Here is my recipe for learning how to fly holding patterns.  Many Instrument Rating students get bogged down with this stage of training, and there are several good reasons go get bogged down here.  One is that many students start trying to learn how to hold before they have really mastered scanning, tracking, and intercepting.  

The best way to start is to go back to the concrete floor and the soup can method that I introduced in the last article.  Start by placing the soup can at the junction of two perpendicular expansion lines.  Start with an easy situation, such as holding on the north radial.  Position yourself north of the soup can and walk through a direct entry.  This goes even better if you have someone else reading clearances to you so that you can practice receiving the information that way.  A sample clearance would be “November 1234S, cleared to the beanie-weenie VOR, hold north with right turns, maintain 3000, expect further clearance at 1200.”  To break that down, the first part after your call sign is a new clearance limit.  It doesn’t mean go direct to the VOR, but rather, don’t go any further than the VOR.  “Hold north” means that your inbound leg will be over the 360 radial, and the altitude is obvious.  The altitude and EFC obviously don’t matter on a concrete floor, but this exercise is about making good habits from the start.  Read back your holding clearance to the “controller,” then walk yourself in a south direction until you reach the soup can.  As you step over it, report entering holding.  Say “November 1234S is entering the hold over beanie-weenie at 1130 and 3000.”  The format for that report is call sign, entering hold at ______, time, and altitude.  Some folks use a memory jogger of “PTA” for Position, Time, and Altitude.  After passing the can, make a right turn, walk north parallel to your inbound radial, then turn right and intercept your radial again.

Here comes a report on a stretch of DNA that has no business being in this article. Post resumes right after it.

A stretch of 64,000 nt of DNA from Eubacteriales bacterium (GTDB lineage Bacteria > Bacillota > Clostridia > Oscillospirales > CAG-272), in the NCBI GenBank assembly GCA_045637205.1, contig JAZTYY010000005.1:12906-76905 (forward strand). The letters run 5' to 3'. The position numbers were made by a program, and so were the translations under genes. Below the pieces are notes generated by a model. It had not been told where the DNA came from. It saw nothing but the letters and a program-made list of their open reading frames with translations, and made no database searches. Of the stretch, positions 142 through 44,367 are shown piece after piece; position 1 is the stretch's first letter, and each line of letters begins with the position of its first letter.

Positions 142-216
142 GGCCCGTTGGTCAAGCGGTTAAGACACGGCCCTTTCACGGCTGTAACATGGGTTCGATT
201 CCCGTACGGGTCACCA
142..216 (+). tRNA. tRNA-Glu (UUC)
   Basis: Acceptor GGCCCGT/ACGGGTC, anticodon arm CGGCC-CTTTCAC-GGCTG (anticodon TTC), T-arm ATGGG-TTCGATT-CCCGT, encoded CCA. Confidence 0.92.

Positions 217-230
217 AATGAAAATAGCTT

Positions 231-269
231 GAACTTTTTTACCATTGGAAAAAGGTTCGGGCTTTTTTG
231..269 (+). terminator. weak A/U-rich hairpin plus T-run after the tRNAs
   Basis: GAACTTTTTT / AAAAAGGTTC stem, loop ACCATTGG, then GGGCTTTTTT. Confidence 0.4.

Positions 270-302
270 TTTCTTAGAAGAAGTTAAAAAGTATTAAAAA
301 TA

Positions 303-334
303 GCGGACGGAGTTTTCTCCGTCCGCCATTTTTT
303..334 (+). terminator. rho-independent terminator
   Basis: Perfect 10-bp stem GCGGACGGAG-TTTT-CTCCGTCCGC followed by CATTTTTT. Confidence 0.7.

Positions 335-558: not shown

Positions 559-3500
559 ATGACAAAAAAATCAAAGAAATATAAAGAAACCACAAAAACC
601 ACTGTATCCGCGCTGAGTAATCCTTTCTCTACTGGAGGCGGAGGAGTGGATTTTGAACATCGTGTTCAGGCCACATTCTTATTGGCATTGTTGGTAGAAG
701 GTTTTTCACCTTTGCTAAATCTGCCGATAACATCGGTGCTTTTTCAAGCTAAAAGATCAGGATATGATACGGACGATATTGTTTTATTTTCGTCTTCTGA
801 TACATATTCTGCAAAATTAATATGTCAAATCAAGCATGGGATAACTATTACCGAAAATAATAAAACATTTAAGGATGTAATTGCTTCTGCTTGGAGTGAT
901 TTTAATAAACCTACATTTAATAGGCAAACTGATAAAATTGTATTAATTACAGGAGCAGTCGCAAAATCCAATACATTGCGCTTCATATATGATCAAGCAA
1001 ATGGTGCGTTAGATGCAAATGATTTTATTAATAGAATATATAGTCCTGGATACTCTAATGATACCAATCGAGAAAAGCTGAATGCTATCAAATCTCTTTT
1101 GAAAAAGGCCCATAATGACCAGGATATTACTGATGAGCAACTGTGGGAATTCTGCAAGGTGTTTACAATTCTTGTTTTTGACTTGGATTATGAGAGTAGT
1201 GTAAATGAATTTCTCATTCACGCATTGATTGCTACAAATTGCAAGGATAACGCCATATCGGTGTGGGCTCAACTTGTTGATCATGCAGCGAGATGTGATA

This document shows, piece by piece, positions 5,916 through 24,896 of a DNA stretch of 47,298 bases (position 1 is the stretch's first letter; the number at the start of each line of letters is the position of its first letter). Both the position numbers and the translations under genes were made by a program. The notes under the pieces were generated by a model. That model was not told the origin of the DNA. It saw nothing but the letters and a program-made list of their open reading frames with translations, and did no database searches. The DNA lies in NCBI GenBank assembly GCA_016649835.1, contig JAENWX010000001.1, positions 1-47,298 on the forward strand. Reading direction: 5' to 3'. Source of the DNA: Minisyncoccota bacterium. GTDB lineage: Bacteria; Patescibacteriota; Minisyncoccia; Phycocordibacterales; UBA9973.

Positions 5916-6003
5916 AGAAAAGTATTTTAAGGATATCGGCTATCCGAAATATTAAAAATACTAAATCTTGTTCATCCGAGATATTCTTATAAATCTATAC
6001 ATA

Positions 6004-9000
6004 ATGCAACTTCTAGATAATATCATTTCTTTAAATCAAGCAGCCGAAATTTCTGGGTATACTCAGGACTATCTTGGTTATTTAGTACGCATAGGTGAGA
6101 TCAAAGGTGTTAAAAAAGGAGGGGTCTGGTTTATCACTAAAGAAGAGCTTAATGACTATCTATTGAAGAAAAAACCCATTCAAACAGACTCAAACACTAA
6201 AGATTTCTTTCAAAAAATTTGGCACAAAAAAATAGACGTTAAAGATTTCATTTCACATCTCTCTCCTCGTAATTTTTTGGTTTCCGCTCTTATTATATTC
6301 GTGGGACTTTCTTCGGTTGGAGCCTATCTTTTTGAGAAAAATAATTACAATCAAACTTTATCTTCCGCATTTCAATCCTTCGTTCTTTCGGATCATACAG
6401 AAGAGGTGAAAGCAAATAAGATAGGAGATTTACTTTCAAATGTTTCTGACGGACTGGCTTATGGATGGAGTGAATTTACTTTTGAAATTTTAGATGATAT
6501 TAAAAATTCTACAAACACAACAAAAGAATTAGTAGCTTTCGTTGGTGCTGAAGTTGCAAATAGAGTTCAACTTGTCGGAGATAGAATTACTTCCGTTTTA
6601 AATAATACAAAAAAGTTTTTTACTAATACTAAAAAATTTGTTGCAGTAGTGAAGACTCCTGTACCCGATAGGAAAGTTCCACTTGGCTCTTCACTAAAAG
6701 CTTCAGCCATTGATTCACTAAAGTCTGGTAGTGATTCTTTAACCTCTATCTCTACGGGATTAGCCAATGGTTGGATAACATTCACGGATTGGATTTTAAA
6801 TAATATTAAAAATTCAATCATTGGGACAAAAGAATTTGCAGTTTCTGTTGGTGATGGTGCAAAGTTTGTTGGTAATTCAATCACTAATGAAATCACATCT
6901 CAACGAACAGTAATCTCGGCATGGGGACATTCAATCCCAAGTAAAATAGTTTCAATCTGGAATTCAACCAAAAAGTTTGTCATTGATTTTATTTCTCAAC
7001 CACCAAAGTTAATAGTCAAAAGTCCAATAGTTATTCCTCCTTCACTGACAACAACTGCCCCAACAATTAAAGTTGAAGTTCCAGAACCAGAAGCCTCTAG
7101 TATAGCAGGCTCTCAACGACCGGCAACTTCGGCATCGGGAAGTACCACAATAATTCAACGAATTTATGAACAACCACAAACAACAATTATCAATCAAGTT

I can promise you that if you follow these instructions exactly, you will look very silly.  It may be best to choose a location that is safe from ridiculing counterparts.  I can also promise you that it will help you understand holding.  Repeat the above exercise for holding situations of increasing complexity.  Start by leaving the clearance the same, but by positioning yourself somewhere other than on the north radial.  For example, try starting on each of the other cardinal radials.  Think about which holding entry you should be using, and how you will figure that out with the information you’ll have in the airplane.  I’ll leave it to you to find the method that works best, since there are several.  Expand to positioning yourself in other positions, not just on the cardinal radials. 

When you feel like all of that is too easy, mix it up a bit by moving the can away from the junction of two lines, so that it is instead on a single line.  This simulates a holding clearance such as “hold on the beanie-weenie 180 radial 15 mile fix…”  Think of how you’ll position yourself to locate that fix without a moving map.  One hint is that you’ll likely not receive that clearance if you aren’t approaching the fix on the radial, either coming to or from the navigation aid.

After mastering your hangar holding skills, step up to the PC-based flight simulator and start over at the beginning.  Start with holding on a cardinal radial that you are already on, then progress to holding on a cardinal radial that you are not yet on, and then to holding on an arbitrary radial that you are not on.  Even with all of your soup can preparations, this is going to be hard.  You can see how without those preparations and a rock-solid set of scanning and tracking skills, it would be impossible.